Thanks for taking time to read my story. If it has helped, inspired, or encouraged even one person, then I'm happy that I took the time to write it. It's been quite an experience re-living it all, and I thank you for reading it.
He is able more than able
To accomplish what concerns me today
He is able more than able
To handle anything that comes my way
He is able more than able
To do much more than I could ever dream
He is able more than able
To make me what He wants me to be
© 1989 Maranatha Praise Inc.
The first day we walked into chapel at Remuda Ranch during Family Week, Kristen was the designated song leader. She stood up there leading this song, and I will never ever forget it. Every time I sing that song in church, or it runs through my mind, I realize how very true it is. The words have also helped me through many other subsequent hard days.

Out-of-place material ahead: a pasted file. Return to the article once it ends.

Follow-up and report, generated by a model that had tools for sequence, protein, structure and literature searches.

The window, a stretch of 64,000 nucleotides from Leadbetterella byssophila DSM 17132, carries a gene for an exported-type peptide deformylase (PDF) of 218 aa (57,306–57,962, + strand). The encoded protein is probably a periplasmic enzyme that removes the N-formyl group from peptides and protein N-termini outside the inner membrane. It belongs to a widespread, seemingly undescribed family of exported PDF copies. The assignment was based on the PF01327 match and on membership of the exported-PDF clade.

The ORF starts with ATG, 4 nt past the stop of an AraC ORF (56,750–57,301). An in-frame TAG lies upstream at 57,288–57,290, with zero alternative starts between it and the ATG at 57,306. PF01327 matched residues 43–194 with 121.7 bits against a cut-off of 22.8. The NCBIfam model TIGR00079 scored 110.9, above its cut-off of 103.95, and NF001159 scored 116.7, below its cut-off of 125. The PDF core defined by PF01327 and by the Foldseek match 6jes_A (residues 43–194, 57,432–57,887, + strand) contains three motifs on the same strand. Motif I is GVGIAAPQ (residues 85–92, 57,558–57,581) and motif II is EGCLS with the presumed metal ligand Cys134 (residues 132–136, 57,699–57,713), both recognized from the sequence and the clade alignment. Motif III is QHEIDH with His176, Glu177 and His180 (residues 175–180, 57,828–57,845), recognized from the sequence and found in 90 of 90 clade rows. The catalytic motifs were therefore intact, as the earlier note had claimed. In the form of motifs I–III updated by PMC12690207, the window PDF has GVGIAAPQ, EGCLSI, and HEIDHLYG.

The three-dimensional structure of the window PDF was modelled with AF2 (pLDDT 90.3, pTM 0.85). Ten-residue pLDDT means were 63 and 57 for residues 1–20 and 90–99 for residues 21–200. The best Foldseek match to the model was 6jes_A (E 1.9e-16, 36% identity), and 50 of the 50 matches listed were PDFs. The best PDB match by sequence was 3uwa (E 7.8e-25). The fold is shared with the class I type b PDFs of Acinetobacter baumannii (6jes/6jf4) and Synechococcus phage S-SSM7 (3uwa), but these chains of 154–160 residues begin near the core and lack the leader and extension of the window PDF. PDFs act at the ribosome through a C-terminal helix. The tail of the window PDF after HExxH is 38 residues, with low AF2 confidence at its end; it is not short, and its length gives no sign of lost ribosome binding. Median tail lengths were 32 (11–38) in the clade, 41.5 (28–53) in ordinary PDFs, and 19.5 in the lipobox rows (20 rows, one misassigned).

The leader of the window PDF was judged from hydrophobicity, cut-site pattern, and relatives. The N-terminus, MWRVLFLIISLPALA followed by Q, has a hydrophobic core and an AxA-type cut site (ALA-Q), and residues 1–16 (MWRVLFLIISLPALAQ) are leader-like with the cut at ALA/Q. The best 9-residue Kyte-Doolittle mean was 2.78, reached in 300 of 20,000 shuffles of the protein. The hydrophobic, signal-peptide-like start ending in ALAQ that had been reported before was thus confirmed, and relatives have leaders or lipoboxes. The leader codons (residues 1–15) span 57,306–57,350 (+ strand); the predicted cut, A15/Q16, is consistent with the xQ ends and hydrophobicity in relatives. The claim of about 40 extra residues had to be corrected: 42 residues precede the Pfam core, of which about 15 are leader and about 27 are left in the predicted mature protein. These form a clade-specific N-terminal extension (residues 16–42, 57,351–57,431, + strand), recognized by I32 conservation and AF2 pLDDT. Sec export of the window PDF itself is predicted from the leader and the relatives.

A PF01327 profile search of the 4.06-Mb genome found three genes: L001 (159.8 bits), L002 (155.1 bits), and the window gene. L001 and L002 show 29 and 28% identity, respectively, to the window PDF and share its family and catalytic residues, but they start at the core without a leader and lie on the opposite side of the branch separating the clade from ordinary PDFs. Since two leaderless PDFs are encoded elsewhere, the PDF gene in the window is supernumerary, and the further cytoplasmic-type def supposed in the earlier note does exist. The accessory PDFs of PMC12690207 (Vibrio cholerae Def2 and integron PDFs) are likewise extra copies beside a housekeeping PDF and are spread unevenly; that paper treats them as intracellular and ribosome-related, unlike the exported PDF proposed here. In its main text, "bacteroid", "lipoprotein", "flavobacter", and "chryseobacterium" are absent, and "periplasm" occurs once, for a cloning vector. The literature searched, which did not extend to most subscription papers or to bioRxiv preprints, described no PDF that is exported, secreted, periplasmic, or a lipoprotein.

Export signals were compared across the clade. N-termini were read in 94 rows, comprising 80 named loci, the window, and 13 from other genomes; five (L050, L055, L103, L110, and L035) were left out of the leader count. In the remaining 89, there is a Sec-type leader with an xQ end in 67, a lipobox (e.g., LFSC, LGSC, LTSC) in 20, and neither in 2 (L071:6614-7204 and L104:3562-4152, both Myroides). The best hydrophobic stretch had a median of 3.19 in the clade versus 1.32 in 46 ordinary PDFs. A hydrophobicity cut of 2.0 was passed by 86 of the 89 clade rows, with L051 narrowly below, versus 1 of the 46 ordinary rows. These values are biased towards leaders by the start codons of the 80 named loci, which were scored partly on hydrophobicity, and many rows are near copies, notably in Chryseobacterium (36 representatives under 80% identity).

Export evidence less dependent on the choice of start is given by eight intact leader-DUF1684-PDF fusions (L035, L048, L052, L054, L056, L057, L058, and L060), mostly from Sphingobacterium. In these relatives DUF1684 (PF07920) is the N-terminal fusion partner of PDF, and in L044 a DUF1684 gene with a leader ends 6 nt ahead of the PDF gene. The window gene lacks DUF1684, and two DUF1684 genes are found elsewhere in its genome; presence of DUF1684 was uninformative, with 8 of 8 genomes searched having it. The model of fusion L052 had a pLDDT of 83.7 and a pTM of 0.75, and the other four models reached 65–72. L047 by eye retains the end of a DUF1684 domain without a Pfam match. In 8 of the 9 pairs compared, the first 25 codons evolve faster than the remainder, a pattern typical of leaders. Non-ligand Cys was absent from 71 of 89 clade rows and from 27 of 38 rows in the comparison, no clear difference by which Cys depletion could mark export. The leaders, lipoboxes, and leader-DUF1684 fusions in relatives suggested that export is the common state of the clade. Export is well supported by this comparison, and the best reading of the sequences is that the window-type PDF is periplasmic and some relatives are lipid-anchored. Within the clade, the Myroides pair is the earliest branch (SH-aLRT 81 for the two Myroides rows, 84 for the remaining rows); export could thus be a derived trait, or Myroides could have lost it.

When her time at Remuda was completed, DC and I went out there to move her to Chandler. This seemed like an exciting option and the perfect solution to the next step. It didn't work out that way, as Kristen related. Being the guinea pigs for a new program was not the best situation. She had some fun, gained some independence, made a little bit of money, and bought her first car (unfortunately, she was taken for the young inexperienced shopper she was and it wasn't such a great deal!). I flew out in October to drive home with her. She headed back to KC to get a job and get settled in and ready for the next semester of school.
The next blow to her self esteem came when the people she lived with would not let her come back. The lady had called me at work the day Kristen was coming home for Christmas to tell me she couldn't come back. I was left with the task of telling her this news when she got off the plane and we were on our way back home. That was one of the hardest conversations I ever had.